We Don’t Live in a Capitalist Society

America falsely labels our economy capitalistic. However, this is a misnomer. A true capitalist society is based on survival of the fittest. Only the strong survive. So, in a pure capitalist economy, former President Obama would’ve never bailed out “too big to fail” companies. They would’ve just failed. Further proof that we live in a racially biased country are the multiple companies complaining about being understaffed—despite the numerous under-employed (and unemployed) Black people in this country. These companies are holding out for qualified White candidates. In a purely capitalist society, only the most qualified individuals would get the job. Also, people would be paid based on merit. Right now, people are paid based on their race and gender. White men earn the most. Hispanic women earn the least. However, we’re all aware that—if you go to any professional job that entails service—the Black people will be the hardest working employees. This is despite being paid less than our White counterparts. Pure capitalism is based on merit. So, this would be reversed.
Now, the 19th century in America more closely resembled a purely capitalist society. Don’t get me wrong; White people still received government set-asides that gave them a lift in achieving success. However, there wasn’t a glass floor to prevent them from hitting rock bottom. This is why prominent robber-barons of the 19th century were destitute by the early 20th century. They failed to train their offspring to take over the reins once they stepped down. So, their children blew their fortunes. We’d have the same situation today if there weren’t a glass floor in place for the dominant society. However, this contradicts capitalism. Capitalism doesn’t have glass floors or ceilings. One rises as high as one’s merit. However, in America, ADOS have a glass ceiling American Descendants of Slave-masters (ADOSM) have a glass floor.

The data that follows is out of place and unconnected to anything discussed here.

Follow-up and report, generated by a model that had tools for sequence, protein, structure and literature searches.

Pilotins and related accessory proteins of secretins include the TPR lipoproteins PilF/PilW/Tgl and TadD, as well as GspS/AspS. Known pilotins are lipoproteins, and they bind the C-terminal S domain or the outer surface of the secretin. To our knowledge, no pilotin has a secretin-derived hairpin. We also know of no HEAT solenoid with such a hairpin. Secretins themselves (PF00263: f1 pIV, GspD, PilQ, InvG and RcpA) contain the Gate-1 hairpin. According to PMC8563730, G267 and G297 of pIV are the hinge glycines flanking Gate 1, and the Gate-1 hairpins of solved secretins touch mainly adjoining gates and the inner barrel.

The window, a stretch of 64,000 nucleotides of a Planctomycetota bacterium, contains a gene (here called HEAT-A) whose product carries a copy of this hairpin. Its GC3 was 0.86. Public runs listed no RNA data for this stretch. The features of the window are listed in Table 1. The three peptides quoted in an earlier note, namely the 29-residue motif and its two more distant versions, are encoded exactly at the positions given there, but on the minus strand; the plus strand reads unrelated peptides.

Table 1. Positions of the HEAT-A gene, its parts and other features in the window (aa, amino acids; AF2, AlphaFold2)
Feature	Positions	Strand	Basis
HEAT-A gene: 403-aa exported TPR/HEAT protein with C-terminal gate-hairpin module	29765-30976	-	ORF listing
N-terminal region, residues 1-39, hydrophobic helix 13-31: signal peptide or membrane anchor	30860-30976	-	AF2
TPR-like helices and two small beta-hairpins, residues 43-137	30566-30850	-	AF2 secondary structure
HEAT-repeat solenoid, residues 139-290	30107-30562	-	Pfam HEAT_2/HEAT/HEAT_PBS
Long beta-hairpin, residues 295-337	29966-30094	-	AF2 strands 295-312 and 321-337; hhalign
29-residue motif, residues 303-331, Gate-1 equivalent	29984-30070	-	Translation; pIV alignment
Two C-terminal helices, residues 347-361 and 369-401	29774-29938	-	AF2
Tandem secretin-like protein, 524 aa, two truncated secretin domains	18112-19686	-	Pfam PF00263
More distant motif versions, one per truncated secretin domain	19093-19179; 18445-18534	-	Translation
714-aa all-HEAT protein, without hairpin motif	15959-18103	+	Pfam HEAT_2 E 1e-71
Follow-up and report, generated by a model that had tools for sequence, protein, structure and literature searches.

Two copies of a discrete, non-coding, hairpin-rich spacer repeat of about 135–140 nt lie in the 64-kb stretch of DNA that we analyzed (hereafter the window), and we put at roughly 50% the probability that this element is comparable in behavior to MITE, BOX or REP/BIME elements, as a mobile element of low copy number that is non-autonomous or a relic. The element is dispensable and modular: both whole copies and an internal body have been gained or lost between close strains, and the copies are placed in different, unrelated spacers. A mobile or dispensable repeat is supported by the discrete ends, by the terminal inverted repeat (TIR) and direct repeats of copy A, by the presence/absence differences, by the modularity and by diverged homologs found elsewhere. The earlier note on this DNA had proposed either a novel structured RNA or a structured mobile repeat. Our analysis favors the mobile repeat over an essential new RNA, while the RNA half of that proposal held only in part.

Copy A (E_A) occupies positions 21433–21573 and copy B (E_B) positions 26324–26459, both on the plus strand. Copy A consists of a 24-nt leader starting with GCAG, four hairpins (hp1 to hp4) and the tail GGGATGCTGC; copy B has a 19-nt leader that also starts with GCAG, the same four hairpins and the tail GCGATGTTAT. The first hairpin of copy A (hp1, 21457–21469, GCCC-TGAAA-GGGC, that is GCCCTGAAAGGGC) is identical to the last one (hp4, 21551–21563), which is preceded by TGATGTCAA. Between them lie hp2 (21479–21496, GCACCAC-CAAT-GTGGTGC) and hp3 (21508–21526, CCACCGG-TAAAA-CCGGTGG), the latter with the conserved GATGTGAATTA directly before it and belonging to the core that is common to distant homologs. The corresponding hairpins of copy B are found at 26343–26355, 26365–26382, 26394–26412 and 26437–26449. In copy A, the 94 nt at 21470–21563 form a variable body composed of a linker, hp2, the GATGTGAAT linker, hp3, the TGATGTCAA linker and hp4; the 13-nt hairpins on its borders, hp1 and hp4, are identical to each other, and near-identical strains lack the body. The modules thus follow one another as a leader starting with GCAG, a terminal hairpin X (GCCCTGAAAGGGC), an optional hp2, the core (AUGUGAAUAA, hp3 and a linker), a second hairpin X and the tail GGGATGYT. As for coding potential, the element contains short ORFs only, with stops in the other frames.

In America, we’ve gotten further away from pure capitalism since the 1970’s--when we got off of the gold standard for the dollar bill. Dollars have never been worth much based on their merit. The backing of gold is what gave dollars their value. However, now, dollars are backed by promissory notes (i.e., IOUs). This is the furthest one can get from capitalism. In layman's terms, ask yourself, would you sell merchandise to someone in exchange for an IOU that has diminishing financial status, and a shoddy credit record? This is the basis of our economy. We do business with each other using government created IOUs—despite the aforementioned issues; worse yet, the Federal Reserve Bank (Fed) keeps pumping out these promissory notes to stimulate the economy. However, the more worthless currency gets created, the more existing currency values deflate. So, now, the spending capability of $1 today is about what 28¢ would get someone back in 2000. 
This takes into account the various means of inflation—i.e., producing smaller products with lower quality ingredients while slightly raising the price from those of 2000. Many of today’s product-prices have barely increased since 2000. To offset obvious displays of inflation, countermeasures were put into place.
A pure capitalist society is based on an economy driven by citizens’ natural consumerism. It’s not manipulated by the Fed to raise and lower prices. That’s merely a façade.

Additional references for the changing of currency elements over time.


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